What started out as a sniping about politcal issues and slamming people was turned into a search for facts followed by some rational discourse.

Note to self:
Less sniping and more factual based discussions=better results.

Posted by: Lee at August 18, 2008 2:59 PM

"One thing on subsitizing; the money has to come from someone. This is a zero sum game. It all comes back to the basic issue of how much should those who earn the $ have to pay to cover those who can't afford it?"

Yup. But there are some complicating factors here. One is that not all employers offer health care benefits and many are cutting back, which means you can be working hard and still not be able to afford insurance. Also, real wage earnings definitely have not kept pace with the rising health care costs.

Still, I'm not willing to move to a Canada/UK health care system. I'm willing to consider some of those plans out there, whether McCain's or Obama's or someone else's, but how much will it cost, where is the money coming from, and can we afford it anyway given our national debt/deficit?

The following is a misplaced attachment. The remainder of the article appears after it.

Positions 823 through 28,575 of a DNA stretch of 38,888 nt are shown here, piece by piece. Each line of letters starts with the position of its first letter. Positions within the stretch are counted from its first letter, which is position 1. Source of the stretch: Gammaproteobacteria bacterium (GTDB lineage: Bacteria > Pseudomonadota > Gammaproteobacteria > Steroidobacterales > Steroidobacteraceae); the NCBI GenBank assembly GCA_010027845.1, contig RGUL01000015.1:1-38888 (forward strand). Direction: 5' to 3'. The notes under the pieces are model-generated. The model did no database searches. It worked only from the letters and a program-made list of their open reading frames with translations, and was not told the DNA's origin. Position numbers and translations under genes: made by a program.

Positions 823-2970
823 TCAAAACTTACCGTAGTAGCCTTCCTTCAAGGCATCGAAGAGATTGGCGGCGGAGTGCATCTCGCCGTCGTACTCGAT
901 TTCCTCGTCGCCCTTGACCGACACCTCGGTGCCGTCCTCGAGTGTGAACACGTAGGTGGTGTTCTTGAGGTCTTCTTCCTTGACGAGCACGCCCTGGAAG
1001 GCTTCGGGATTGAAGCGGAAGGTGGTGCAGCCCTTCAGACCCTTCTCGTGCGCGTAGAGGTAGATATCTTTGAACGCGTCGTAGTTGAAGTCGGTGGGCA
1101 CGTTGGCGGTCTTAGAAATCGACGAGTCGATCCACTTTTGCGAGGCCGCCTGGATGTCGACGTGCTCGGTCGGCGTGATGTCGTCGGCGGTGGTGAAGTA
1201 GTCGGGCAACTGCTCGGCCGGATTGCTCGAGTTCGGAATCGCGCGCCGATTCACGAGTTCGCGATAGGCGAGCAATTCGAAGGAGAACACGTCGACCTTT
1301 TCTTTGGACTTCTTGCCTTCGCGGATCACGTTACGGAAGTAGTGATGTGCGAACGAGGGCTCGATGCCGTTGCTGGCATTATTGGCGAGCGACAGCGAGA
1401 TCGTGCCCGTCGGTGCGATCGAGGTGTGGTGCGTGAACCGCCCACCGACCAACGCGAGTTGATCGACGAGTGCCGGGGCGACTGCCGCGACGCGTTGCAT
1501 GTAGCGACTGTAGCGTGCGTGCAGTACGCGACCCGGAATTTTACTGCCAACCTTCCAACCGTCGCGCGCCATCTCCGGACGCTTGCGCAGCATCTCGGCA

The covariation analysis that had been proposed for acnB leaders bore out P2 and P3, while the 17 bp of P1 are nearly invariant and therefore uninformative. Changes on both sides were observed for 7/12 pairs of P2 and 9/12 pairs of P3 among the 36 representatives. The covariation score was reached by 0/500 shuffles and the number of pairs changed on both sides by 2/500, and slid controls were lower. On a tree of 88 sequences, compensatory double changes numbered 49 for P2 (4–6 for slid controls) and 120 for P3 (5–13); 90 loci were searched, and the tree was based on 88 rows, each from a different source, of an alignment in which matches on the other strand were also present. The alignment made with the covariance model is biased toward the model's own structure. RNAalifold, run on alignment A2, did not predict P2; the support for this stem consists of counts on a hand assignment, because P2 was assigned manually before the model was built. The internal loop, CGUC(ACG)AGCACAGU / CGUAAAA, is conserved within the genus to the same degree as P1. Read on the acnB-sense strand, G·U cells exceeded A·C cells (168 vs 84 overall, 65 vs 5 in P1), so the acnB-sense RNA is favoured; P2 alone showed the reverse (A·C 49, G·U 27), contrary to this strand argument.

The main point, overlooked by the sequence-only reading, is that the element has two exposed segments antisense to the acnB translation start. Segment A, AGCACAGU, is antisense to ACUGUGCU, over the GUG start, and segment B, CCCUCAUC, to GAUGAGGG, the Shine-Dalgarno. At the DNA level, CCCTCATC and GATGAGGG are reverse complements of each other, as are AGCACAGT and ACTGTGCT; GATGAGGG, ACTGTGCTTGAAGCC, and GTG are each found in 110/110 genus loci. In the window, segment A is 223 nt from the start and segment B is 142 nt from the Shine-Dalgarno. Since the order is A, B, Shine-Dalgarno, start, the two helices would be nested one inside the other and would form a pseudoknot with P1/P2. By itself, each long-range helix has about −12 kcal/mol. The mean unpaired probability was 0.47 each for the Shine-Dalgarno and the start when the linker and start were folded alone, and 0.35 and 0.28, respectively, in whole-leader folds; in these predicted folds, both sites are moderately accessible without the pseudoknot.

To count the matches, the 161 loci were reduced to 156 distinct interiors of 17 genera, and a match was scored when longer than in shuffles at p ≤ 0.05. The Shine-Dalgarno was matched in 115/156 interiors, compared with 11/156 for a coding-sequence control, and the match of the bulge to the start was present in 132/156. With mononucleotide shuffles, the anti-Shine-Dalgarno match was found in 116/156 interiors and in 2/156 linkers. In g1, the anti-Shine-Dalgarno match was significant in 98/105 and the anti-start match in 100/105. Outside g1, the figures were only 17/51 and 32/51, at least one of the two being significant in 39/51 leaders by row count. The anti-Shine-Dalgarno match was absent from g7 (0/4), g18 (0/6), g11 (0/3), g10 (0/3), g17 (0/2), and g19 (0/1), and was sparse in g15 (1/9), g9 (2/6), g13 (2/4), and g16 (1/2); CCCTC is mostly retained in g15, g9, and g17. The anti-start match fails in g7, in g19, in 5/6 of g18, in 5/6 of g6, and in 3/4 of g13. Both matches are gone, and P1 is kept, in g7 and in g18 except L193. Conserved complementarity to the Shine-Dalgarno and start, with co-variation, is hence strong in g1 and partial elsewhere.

Posted by: MVH at August 18, 2008 3:45 PM

"Less sniping and more factual based discussions=better results."

You asked good questions too. And it always helps to have relatively unbiased studies from the CBO, and from this year no less. Who would have thought? Usually, out of necessity, we have to deal wth references to politically-affiliated "policy" organizations, which some tend to reject out-of-hand.

I doubt we've had the last word. Crank hasn't even weighed in yet, and how could he resist?

Posted by: MVH at August 18, 2008 4:54 PM

I agree! Crank 'er up Crank!

Posted by: Lee at August 18, 2008 6:27 PM

I stand corrected - maybe we did have the last word! I thought we'd at least see a few conflicting studies get posted.